If you're looking for Data Modeling Interview Questions for Experienced or Freshers, you are in right place. There are a lot of opportunities from many reputed companies in the world. According to research Data Modeling has a market share of about 15.43%. So, You still have the opportunity to move ahead in your career in Data Modeling Architecture.
Mindmajix offers Advanced Data Modeling Interview Questions 2021 that helps you in cracking your interview & acquire a dream career as a Data Modeling Architect.
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Below mentioned are the Top Frequently asked Data Modeling Interview Questions and Answers that will help you to prepare for the Data Modeling interview. Let's have a look at them.
A data model is a conceptual representation of business requirements (logical data model) or database objects (physical) required for a database and is very powerful in expressing and communicating the business requirements and database objects. The approach by which data models are created is called data modeling.
|For More Info: What is data modeling?|
Logical Data Model: Entity, Attributes, Super Type, Sub Type, Primary Key, Alternate Key, Inversion Key Entry, Rule, Relationship, Definition, business rule, etc
Physical Data Model: Table, Column, Primary key Constraint, Unique Constraint or Unique Index, Non-Unique Index, Check Constraint, Default Value, Foreign Key, comment, etc.
A logical data model is the version of a data model that represents the business requirements (entire or part of an organization). This is the actual implementation and extension of a conceptual data model.
Logical Data Models contain Entity, Attributes, Super Type, Sub Type, Primary Key, Alternate Key, Inversion Key Entry, Rule, Relationship, Definition, etc. The approach by which logical data models are created is called logical data modeling.
The physical data model includes all required tables, columns, relationships, database properties for the physical implementation of databases. Database performance, indexing strategy, and physical storage are important parameters of a physical model.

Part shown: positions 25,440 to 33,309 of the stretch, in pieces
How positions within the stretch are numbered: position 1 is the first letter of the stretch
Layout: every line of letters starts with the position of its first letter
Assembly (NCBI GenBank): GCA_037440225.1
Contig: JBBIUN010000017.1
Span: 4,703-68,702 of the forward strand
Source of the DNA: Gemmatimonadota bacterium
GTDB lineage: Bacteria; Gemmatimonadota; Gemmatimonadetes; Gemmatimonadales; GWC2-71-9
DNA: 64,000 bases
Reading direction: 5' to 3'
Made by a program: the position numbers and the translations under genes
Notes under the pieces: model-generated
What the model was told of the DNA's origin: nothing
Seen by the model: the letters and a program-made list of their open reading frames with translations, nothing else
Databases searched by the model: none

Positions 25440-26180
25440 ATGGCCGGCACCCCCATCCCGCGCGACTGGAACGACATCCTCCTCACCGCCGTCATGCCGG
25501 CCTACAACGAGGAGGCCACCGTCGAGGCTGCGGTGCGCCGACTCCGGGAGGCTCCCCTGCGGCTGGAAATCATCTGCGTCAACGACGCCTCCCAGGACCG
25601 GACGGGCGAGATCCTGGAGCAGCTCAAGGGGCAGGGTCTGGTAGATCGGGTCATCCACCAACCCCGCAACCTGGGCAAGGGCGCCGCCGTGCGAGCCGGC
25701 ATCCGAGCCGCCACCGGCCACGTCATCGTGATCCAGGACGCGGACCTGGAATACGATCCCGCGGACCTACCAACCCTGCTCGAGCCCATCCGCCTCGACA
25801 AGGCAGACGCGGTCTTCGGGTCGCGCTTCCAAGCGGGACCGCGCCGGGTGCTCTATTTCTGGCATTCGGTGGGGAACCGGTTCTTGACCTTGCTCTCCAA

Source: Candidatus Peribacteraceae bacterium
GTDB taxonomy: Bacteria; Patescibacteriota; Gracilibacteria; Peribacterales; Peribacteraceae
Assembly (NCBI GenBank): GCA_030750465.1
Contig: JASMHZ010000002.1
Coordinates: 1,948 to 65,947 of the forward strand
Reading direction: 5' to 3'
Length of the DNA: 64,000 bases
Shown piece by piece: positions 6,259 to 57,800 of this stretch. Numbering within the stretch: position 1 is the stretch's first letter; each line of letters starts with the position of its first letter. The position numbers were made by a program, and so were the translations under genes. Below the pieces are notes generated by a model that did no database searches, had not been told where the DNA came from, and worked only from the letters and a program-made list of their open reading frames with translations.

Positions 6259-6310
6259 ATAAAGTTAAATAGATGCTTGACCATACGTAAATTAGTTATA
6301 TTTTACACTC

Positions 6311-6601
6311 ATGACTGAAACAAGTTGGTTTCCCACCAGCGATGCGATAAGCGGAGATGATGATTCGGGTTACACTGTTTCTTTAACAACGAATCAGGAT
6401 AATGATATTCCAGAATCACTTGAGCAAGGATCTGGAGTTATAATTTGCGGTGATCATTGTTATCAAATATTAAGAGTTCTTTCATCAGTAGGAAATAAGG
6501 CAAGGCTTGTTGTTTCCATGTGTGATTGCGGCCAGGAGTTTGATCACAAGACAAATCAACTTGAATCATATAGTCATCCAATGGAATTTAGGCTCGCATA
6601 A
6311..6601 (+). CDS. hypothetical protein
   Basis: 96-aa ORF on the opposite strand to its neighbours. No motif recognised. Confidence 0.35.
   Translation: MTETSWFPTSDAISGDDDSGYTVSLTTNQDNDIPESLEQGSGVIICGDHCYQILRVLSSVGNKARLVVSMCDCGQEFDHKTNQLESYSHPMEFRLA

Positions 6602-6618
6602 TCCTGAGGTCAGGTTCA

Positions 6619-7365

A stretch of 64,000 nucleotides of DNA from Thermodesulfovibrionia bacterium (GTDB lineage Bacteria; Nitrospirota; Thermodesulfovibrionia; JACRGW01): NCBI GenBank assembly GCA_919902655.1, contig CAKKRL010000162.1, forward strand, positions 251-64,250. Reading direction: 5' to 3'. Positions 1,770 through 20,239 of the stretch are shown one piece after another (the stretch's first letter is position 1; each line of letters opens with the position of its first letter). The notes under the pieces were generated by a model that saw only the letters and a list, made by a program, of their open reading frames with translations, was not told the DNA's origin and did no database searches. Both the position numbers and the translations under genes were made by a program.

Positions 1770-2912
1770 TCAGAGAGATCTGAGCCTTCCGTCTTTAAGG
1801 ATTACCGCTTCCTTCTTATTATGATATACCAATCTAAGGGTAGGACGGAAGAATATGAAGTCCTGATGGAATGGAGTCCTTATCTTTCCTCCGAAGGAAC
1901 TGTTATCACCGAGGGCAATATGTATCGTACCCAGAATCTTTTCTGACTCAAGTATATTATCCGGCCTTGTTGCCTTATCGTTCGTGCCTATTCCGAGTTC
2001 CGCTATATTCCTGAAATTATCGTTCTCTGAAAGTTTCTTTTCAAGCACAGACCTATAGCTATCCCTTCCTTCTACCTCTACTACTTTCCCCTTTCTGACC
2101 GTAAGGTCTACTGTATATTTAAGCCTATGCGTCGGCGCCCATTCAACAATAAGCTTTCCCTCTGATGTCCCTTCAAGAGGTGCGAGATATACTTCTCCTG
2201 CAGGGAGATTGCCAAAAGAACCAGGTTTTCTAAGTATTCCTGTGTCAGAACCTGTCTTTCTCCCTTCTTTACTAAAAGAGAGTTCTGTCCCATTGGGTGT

The important or main object in a database is a table that consists of rows and columns. The approach by which physical data models are created is called physical data modeling.
When a data modeler works with the client, his title may be a logical data modeler or a physical data modeler, or a combination of both.
A logical data modeler designs the data model to suit business requirements, creates and maintains the lookup data, compare the versions of the data model, maintains a changelog, generate reports from the data model and whereas a physical data modeler has to know about the source and target databases properties.
A physical data modeler should know the technical know-how to create data models from existing databases and tune the data models with referential integrity, alternate keys, indexes, and how to match indexes to SQL code. It would be good if the physical data modeler knows about replication, clustering, and so on.
|Related Article: Examples of Data Modelling|
Data stored in form of rows and columns is called a table. Each column has a datatype and based on the situation, integrity constraints are enforced on columns.
A column also known as a field is a vertical alignment of the data and contains related information to that column.
The row is also known as a tuple or record is the horizontal alignment of the data.
ER diagram is a visual representation of entities and the relationships between them. In a data model, entities (tables) look like square boxes or rectangular boxes, which contain attributes, and these entities, are connected by lines (relationship).
The primary key constraint is imposed on the column data to avoid null values and duplicate values. Primary Key=Unique + Not Null. Example: social security number, bank account number, bank routing number
When more than one column is a part of the primary key, it is called a composite primary key constraint.
In normal practice, a numerical attribute is enforced as a primary key which is called a surrogate key. A surrogate key is a substitute for natural keys.
Instead of having a primary key or composite primary keys, the data modelers create a surrogate key; this is very useful for creating SQL queries, uniquely identify a record, and good performance.
The parent table has a primary key and a foreign key constraint is imposed on a column in the child table. The foreign key column value in the child table will always refer to primary key values in the parent table.
When a group of columns is in a foreign key, it is called a composite foreign key constraint.
|Related Article: Data Modelling Tools|
Identifying, Non-Identifying Relationship, Self-Recursive relationship are the types of relationship.
Usually, in a data model, parent tables and child tables are present. The parent table and child table are connected by a relationship line.